July 10, 2013

Changing Behavior: The Power of a Greeting

If you are at your wits end and need to make behavior change in your classroom now (or yesterday!) consider the child and what need is not being met. Remember the 6 needs from this post?

These are the needs that I believe drive all children's (and adult) behaviors.


  • To be seen
  • To be heard 
  • To be loved
  • To be forgiven
  • Nutrition
  • Sleep

Today we'll talk about the first need TO BE SEEN.

The first need TO BE SEEN can be addressed right as you walk into school.

A simple greeting:
Are you making eye contact with students and saying "Hi (name here, yes it's important to use their name if possible)" Sounds simple, right? But so many people don't notice all the children walking right by them! (I think it's because they are shorter then us!) Good for you if you take the time for a simple hello to every student you pass. 

Want to really make a younger student feel like they're seen and change behavior in an instant? Call a student by their name alliterated with a positive adjective in front. Like amazing Alexandra, generous George, creative Kate etc. The Kindergarteners love this and will live up to the adjective that I put in front of their name. The rest of the class waits to hear their new "name" which improves their behavior as well! This takes no extra time, but adds a bit of fun and makes everyone feel noticed for something positive. 

Noticing the details:
With older students, it's important to find out a personal interest.  I often do this through writing assignments. The time is well worth it when you can say, "Juan how's the new baby brother? Crying all night? You are a good big brother to help out your mom." Being aware of the details makes a student feel recognized and although it doesn't change the situation, the acknowledgement greatly changes their behavior. 

Let's face it. Teaching hundreds and hundreds of students, it's tough to make every child feel seen. It is completely overwhelming. So I like to think of this quote as I walk in the door to school. 
"Your day will go the way the corners of your mouth do!" (author unknown)

Thinking that makes me remember that we have a choice each day no matter what's going on in life, exchanging a smile and greeting can go a long way in helping both students and teachers feel better about coming to school and work.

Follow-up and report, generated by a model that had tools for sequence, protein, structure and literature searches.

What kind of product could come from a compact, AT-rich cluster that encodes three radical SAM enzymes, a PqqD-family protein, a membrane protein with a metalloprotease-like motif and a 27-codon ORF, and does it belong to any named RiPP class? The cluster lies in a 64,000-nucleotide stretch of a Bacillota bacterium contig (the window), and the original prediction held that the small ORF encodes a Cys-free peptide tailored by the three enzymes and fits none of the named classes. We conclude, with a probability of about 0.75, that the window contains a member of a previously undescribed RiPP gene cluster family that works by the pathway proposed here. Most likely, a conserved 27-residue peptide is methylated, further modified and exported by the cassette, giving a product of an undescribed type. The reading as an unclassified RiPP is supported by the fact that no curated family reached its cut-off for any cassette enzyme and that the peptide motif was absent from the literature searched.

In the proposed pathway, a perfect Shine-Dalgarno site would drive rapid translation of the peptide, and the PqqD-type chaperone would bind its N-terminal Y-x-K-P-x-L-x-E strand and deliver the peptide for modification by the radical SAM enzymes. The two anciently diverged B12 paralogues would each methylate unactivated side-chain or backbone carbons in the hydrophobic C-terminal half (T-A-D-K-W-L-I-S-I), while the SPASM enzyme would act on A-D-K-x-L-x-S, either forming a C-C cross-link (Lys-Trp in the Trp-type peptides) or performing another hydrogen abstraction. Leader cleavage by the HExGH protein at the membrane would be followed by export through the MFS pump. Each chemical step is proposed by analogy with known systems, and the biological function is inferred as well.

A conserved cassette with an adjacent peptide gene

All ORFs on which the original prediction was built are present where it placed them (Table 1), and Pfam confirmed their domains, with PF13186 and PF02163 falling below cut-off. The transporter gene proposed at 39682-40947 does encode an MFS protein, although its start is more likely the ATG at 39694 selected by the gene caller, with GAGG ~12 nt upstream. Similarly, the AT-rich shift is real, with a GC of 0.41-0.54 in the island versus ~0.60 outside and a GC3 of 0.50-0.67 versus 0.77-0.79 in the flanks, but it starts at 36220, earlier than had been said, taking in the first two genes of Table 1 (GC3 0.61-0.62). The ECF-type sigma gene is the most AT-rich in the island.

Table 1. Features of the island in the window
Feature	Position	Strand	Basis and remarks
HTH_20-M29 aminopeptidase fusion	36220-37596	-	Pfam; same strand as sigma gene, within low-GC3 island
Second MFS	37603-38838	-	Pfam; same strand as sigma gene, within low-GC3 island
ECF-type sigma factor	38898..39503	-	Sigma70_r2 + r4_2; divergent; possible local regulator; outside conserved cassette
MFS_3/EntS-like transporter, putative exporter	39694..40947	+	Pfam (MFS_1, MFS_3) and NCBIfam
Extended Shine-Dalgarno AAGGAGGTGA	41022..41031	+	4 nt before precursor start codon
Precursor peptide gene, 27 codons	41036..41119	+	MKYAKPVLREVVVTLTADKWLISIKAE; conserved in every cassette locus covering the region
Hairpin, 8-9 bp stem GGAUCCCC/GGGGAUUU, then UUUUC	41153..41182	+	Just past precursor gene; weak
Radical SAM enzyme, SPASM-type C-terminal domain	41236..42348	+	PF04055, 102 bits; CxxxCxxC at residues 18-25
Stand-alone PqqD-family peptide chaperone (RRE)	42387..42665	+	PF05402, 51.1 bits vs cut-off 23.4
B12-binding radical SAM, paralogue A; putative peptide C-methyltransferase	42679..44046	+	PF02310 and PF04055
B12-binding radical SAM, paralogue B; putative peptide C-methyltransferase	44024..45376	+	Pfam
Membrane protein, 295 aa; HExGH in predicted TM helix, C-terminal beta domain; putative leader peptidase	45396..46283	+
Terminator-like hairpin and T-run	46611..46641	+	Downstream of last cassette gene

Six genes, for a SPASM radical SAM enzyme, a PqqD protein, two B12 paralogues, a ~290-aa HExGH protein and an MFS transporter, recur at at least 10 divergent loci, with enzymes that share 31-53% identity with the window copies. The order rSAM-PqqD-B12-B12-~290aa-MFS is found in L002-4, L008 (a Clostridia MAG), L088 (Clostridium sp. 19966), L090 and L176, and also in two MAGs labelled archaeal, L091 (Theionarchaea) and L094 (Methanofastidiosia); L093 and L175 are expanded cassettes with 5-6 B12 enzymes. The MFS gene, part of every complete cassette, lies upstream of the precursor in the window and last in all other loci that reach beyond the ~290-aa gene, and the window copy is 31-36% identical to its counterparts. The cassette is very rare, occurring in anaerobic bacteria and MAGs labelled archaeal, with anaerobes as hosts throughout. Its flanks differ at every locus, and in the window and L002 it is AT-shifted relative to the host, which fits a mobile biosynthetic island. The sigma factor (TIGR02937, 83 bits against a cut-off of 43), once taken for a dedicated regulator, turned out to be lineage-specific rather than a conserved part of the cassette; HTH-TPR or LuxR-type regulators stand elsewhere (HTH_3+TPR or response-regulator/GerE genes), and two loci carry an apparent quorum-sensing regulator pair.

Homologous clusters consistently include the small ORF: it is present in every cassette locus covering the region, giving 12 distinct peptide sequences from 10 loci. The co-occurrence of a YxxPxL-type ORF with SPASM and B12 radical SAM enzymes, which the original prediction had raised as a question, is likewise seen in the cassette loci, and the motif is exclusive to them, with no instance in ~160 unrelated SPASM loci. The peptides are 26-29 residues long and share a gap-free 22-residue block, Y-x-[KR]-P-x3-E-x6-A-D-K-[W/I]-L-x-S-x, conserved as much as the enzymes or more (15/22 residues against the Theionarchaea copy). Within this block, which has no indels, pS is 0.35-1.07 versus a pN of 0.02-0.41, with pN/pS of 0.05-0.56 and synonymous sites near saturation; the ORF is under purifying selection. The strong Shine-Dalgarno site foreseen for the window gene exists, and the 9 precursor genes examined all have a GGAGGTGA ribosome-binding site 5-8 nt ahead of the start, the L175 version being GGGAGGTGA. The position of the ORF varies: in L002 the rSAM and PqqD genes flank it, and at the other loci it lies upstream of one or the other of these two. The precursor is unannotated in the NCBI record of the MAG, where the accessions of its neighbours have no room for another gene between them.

What are some ways you make your students feel seen? 


Marcia Beckett said...

I like the adjective idea. Thanks for sharing. I'm going to try that. I try to say hi as much as possible but I am sometimes guilty of feeling too distracted and stressed.

Phyl said...

All good advice! Just make sure the kid likes the adjective you choose. Other nicknames that show you know the child are also good, I think. I had some favorite nicknames, though not necessarily alliterative adjectives, for kids over the years: first, there was 'Kylie Squared'. Two inseparable girls named Kylie and Kylee worked together always and were such a positive spirit. I called them 'IE' and 'EE' when I needed them separately, but they loved their 'Squared' nickname.
Then there was Summer, a sweet girl who, I swear, paint jumped onto from across the room. She LOVED and was proud of her name Messy Bessie. And the nickname stuck from grade 1 till I retired when she was in grade 6.(And I imagine she warned her 7th grade art teacher about this 'affliction'.)

And I would add, take the moment to look at those photos of the new baby brother or dog, and let them share them with the class. Lots of times the classroom teacher hasn't done this. Too busy! Praise the drawings given to you, and display them all proudly. Wear the macaroni jewelry you are given, and take a bite of that cupcake in front of the birthday boy, no matter what you do with the rest!

Unknown said...

Phyl I love you because you do wear the necklace and eat the cupcake (a bite!) that's why kids love you too!

Hi Marcia;)

Anonymous said...

It is interesting how many American bloggers are posting about the other side of teaching. I'm guessing you are still on summer break. I've just begun our winter break and noticed how ready the children were to have a holiday. Your blog is very timely. I like your ideas very much. Each morning I begin with "what's on top" a sort of news circle. Each child in turn holds a wand and tells us what is right there for them. They often say what they'll be doing after school, or something new they have. It's a great way to engage with each child and a way for them to offload. I ask that they all contribute even if it is just to say what they had for breakfast. It takes 10to15 mins.

Unknown said...

Such a timely and wonderful post, Erica! I am 6 weeks away from the first day of school, but am working hard to develop new ways of communicating with my kids. I use the alliteration/name method and I really like all of your other suggestions. Hope your summer is going well!